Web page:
Rentals for $10, $20, and $30 per night

While Popoyo is quiet, laid-back, and centers around natural settings, San Juan del Sur revels in it’s restaurants, bars, surf shops, hostels and crowded surf spots.  If you grow tired of frequenting restaurants with hamburgers and french fries, pop into the central mercado for lunch.  There are several restaurants inside that serve hearty meals of rice and beans, salad, fried plantains, and various meats and fish.

Drive up to Playa Maderas to surf the best waves in town, but don’t expect the peaceful beaches of Popoyo.  If you cannot drive to this beach, do not fret – shuttles drive truckloads of surfers in about every hour.  By mid-afternoon, Playa Maderas is filled with surfers in the water, surfers sipping on smoothies on the shore, and surfers eating at the restaurant that connects to the beachside hostel.  If you want to experience this beach, but not to be surrounded by people, drive up morning – before 10 am – to beat the shuttles.

Playa Maderas is a bit difficult to find, so I hope these directions from new our friends at Buena Vista Surf Club, a beautiful hotel close to the beach, will help you:

– Just before you enter San Juan Del Sur take a right at the city hall (big red & white square building) and go on the dirt road (la Chocolata). If you drive past a Palí supermarket on your left, you have gone too far.

– Take this road for approximately 15-20 minutes until you come across a little bridge (one lane) with a low yellow railing.

– Take a left after the bridge, and you will come to a river crossing (dry river bed in the dry season).

– After crossing the river, the road forks. Take the left fork to Playa Marsella/Playa Maderas and continue for approximately 5 minutes. You will go past the ‘Mango Rosa resort’ on your right hand side.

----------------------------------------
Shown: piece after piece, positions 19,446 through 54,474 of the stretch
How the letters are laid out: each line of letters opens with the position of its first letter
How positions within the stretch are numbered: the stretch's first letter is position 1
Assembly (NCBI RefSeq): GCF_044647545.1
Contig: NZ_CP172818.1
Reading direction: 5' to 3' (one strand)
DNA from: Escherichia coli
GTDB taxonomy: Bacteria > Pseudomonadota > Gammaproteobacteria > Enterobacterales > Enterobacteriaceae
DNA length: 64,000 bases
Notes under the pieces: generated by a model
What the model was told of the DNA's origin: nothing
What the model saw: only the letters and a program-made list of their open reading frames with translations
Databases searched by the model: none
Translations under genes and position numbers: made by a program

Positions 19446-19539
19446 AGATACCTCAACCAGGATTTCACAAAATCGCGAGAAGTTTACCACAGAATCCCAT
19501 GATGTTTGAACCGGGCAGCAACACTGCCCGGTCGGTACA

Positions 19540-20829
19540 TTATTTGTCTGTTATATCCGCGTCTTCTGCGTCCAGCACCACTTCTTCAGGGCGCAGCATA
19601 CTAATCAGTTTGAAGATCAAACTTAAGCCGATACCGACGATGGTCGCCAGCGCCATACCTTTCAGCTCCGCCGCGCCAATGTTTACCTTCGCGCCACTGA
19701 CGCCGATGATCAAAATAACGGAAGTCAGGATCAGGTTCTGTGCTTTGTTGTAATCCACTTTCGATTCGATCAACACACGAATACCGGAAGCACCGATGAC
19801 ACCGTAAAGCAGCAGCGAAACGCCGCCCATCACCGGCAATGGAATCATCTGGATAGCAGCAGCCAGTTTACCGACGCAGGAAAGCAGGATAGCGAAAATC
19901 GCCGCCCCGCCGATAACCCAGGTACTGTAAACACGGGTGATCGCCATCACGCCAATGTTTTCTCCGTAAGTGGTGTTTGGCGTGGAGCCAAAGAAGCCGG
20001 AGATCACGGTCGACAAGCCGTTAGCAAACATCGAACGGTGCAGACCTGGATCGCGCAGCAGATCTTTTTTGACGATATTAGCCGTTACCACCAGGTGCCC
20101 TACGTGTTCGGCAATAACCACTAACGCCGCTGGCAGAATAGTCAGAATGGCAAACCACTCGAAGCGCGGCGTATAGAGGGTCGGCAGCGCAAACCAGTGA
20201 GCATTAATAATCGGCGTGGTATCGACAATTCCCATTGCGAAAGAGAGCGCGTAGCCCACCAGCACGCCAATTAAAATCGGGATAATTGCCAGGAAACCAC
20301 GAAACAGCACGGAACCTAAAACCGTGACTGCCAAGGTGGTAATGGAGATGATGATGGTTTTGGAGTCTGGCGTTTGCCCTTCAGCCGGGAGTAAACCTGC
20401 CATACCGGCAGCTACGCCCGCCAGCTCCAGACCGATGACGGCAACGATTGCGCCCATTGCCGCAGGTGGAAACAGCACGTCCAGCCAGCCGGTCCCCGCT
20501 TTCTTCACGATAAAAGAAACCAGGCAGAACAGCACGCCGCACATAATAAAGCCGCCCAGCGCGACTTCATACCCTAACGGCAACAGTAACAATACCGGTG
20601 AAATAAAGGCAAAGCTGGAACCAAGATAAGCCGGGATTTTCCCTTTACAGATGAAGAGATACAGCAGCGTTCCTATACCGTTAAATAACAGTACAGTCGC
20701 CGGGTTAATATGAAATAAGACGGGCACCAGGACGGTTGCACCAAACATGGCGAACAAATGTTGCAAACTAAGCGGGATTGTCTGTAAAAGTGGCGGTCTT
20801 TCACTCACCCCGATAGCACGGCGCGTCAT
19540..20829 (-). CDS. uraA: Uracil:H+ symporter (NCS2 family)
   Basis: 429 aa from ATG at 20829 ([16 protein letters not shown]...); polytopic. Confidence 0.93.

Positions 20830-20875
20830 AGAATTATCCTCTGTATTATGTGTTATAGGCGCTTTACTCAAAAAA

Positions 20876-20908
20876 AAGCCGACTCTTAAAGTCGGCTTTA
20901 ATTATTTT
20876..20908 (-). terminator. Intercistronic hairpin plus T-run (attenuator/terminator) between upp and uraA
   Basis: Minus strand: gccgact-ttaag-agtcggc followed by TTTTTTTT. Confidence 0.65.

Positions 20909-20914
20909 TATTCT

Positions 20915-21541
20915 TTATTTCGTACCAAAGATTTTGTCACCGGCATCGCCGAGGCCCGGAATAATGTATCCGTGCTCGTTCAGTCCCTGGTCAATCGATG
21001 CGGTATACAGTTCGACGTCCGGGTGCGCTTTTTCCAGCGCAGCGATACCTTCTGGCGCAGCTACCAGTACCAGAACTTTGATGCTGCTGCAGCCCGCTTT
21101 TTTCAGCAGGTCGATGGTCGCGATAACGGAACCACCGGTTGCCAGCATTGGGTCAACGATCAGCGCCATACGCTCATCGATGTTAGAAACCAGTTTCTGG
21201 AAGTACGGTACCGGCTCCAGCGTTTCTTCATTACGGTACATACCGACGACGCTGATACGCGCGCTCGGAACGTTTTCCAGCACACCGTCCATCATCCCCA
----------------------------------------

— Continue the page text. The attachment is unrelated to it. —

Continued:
– The road will fork again, take the right fork to Playa Maderas.

– After a short drive take a right at the next fork, you will see two brick towers on the left, and a big tree on the right. You should engage 4WD at this point. Don’t forget to ‘lock’ the hubs on your front wheels when you put the car in 4WD!

– Go up the hill, and when at the top, follow the road to the left, down the hill (past a big entrance with a bamboo fence). Once at the bottom of hill (150m before the beach), go straight until you see the beach.

– Normally the trip from San Juan Del Sur to our place takes approx. 20-30 min depending on weather & road conditions.

Looking for a break from camping? When I walked into the bar at Buena Vista Surf Club, the congestion of San Juan del Sur immediately transformed into a peaceful and sophisticated space.

If you are looking for camping near San Juan del Sur, there is a camping area next to a hostel called Camping Matilda, which is located on the northern side of Playa Maderas.  Camping Matilda looks like a very resonable hostel, but Nick and I chose to camp to save money.  The camping site is a plot of land that belongs to the outdoor restaurant located on the street.  If you park at the end of the lot, you can camp with a wonderful view of the beach.  There were even people camping on the beach, which is another option.